He's the RTE legend who has travelled the world in pursuit of sporting history but he insists that he is still up to the job of doing it all again.
Despite clocking up over half a century on the air veteran broadcaster Jimmy Magee says that there is no such thing as being too old for the job.
The 79-year-old has spoken out against ageism in the world of television in the past and he says he still refuses to accept it.
"I haven't gotten old at all. My head is still the same; my heart is still the same, I really do feel as young as ever," he told the Herald.
The New York born commentator started out in RTE in 1957 at just 21 , and he has witnessed many changes in his chosen profession since then.
"God there is opportunity everywhere now. When I started if RTE didn't like the colour of your eyes then you were gone," he recalled.
"Things are better now for young journalists and broadcasters. There are more opportunities, more outlets," adds Memory Man Jimmy who has also worked with Channel 4.
But you'll only make it if you're tough and persistent he warns newbies, saying that the world of sports is not for the faint-hearted.
"I say don't let go of your ambitions until they are putting a lid on your box. And even then, pop up and say I've got another great idea," he joked.
He has commentated on a dozen world cups for the state broadcaster. But this year proved unlucky 13 when RTE decided not to send him to Brazil to see Germany triumph.
He admitted he was hurt by the decision and he blamed it on ageism on the part of the Donnybrook broadcaster.
"Age would be my guess and I don't agree with ageism," he said at the time, with RTE lauding his stellar World Cup career but saying station chiefs were mindful of the gruelling schedule of games at the tournament.
But in true Memory Man fashion he said he picked himself up and dusted himself off - and travelled anyway.
"I was doing bits of work out there but it was a really strange thing not to be commentating," he admitted.
Not that it stopped the lively presenter from enjoying himself.
"I've been in Brazil before and it's wonderful. When you are going back you are often wondering will it be the same again but it was better," he said.
"The people are like we used to be once upon a time, friendly, kind, they'd do anything for you," said Jimmy who said he has been 'almost everywhere' in the course of his career.
Almost two months on Jimmy says that while he didn't get to go to Brazil for RTE, the broadcaster is supportive of older staff.
"I think it's great that so many of the commentators are older on RTE. You have to trust someone on air when they talk about sport, at least you know they have seen it before," he noted.
Brazil was just a pit-stop in a whirlwind year of top sporting events he is covering.
"The things I've done this year have been quite amazing. I've been in Kazakhstan for the World Series boxing, Azerbaijan for the world congress of sports journalists and Glasgow for the Commonwealth Games," he said.
"People say I've done it all many times but I'd be willing to do it all again," he revealed.
Not only is the Jimmy considered the voice of many World Cups for Irish fans he has also covered every Olympic games for the state broadcaster since Munich in 1972.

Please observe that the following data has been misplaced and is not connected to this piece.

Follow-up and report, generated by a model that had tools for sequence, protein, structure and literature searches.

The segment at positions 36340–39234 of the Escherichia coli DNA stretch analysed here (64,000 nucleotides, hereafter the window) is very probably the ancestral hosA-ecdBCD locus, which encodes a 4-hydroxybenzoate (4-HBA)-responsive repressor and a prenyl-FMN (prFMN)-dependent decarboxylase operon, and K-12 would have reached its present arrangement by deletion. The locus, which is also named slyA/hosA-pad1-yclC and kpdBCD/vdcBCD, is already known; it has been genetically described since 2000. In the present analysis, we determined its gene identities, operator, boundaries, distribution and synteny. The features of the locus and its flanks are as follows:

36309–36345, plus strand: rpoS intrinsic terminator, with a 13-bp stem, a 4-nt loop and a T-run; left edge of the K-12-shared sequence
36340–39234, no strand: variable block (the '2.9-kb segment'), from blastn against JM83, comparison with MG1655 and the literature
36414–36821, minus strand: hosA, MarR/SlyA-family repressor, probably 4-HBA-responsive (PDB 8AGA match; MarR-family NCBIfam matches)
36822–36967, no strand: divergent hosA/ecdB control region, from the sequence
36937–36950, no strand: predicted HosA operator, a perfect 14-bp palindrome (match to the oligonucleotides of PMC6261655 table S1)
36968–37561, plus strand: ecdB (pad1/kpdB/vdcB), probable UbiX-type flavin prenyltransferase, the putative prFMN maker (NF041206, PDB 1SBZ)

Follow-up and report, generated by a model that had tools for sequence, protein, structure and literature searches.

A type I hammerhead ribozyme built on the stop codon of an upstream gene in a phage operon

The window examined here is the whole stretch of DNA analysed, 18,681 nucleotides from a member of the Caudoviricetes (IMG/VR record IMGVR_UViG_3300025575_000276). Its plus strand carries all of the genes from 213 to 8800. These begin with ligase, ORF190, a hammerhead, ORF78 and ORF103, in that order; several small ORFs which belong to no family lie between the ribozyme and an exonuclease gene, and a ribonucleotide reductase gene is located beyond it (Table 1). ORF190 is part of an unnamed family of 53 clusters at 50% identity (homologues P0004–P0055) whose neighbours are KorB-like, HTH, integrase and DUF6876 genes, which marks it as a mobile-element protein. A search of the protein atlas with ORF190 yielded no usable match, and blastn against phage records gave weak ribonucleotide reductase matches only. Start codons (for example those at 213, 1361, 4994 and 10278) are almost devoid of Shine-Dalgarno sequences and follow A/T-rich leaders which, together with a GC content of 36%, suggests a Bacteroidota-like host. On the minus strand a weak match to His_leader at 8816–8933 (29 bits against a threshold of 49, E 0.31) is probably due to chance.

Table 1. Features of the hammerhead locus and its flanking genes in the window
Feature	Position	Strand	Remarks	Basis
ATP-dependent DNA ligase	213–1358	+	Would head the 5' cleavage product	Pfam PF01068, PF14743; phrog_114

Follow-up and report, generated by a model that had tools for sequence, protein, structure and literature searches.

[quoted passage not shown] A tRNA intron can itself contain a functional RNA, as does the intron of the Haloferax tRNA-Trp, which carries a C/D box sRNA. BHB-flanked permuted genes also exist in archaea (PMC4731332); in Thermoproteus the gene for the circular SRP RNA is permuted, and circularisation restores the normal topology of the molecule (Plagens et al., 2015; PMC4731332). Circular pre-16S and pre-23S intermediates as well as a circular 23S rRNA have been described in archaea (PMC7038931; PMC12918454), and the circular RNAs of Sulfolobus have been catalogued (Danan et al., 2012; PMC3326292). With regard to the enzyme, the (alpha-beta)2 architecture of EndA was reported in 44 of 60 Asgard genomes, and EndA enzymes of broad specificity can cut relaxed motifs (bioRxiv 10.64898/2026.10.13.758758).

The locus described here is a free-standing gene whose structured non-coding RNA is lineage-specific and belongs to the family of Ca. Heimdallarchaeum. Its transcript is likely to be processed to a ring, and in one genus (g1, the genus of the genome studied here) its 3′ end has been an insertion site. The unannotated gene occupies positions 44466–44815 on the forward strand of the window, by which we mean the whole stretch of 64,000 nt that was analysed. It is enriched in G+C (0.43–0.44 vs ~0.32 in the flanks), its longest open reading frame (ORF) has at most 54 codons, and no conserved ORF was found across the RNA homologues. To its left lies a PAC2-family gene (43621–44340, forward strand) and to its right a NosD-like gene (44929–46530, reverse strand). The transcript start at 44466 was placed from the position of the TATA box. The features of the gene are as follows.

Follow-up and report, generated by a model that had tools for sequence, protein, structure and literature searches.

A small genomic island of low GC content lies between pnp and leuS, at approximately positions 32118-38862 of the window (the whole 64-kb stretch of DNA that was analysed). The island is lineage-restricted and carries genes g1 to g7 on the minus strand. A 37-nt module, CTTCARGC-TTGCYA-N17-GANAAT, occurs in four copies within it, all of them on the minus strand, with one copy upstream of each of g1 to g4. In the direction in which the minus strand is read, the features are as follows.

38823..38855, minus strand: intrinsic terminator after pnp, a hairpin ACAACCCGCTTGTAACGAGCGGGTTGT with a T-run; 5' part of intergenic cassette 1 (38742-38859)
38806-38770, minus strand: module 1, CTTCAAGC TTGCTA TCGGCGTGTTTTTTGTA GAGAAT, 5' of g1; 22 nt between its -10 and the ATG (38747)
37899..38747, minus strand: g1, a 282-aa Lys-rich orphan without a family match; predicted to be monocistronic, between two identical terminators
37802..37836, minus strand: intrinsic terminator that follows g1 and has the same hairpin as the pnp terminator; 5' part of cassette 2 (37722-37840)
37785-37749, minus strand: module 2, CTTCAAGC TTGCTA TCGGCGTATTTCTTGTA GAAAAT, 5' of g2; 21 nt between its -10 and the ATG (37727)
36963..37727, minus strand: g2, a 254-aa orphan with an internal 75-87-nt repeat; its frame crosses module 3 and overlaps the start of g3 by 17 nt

One of the most historic moments that he had the chance to cover for Ireland was Katie Taylor's spectacular Gold win in London 2012.
He is a familiar part of the sporting landscape of Ireland.
He earned his nickname for his extraordinary recall of sporting trivia and even now he has an unparalleled sporting knowledge.
Professionally Jimmy has enjoyed many highs but he has suffered heartache in his personal life.
He was widowed at just 54 when his wife Marie passed away and never remarried saying it simply never came up.
He jokes that he is envious of playboy millionaire Hugh Heffner's lavish lifestyle but later admits that he doesn't really mean it.
"I am happy enough on my own - that's not to say I'm always happy but mostly.
"I can do as I like," he noted.
And the passing of his eldest son Paul just four years ago was devastating for the broadcaster.
"It's still very raw," he admitted.
Paul, who once played for Shamrock Rovers, died from motor neurone disease in 2008.
"It was so hard to watch him passing away slowly in front of my eyes," he said.
"It's unnatural for a parent to outlive their child. We were very, very close, great friends.
"He was a real sportsman- I only talk about it but he did it," he said.
"I talk to him regularly and we still have a bit of craic," he added.
"Tragedy comes in twos. That's what I believe," Jimmy said, explaining: "I lost my wife and my mother within months of each other. Then years later my younger sister died just a few weeks before Paul," he says.
"Everyone has tragedy in their life. Nobody gets away that easy," he said but added that 'getting on with things' when tragedy strikes is a must.
"You have to knuckle down to it, you have to teach yourself to get over it. Even if in your quiet moments you are maybe not over it all.
"But you can't cry on the air or present with tears in your eyes. It's not on to burden other people with your grief."
Despite facing down his 80th birthday next February he doesn't want to quit the business just yet.
"I think I'd have to be medically forced," he said.
Over the course of almost six decades Jimmy has covered 11 Olympics, 12 world cups, 30 world title fights and met heroes like Maradona, Pele and George Best.
He really has seen it all. With one of the most illustrious careers in Irish sport broadcasting behind him, he is bound to have a cache of secrets left to disclose.
"I couldn't tell you them all," he quipped with a hearty laugh.
He is not ready to slow down yet in fact he would quite like to speed things up.
"I'd like to take a tour around all the places in the world that I loved on a Harley," he laughed, adding: "Well not really I'd be afraid for my life but I'll settle for a stretch limo."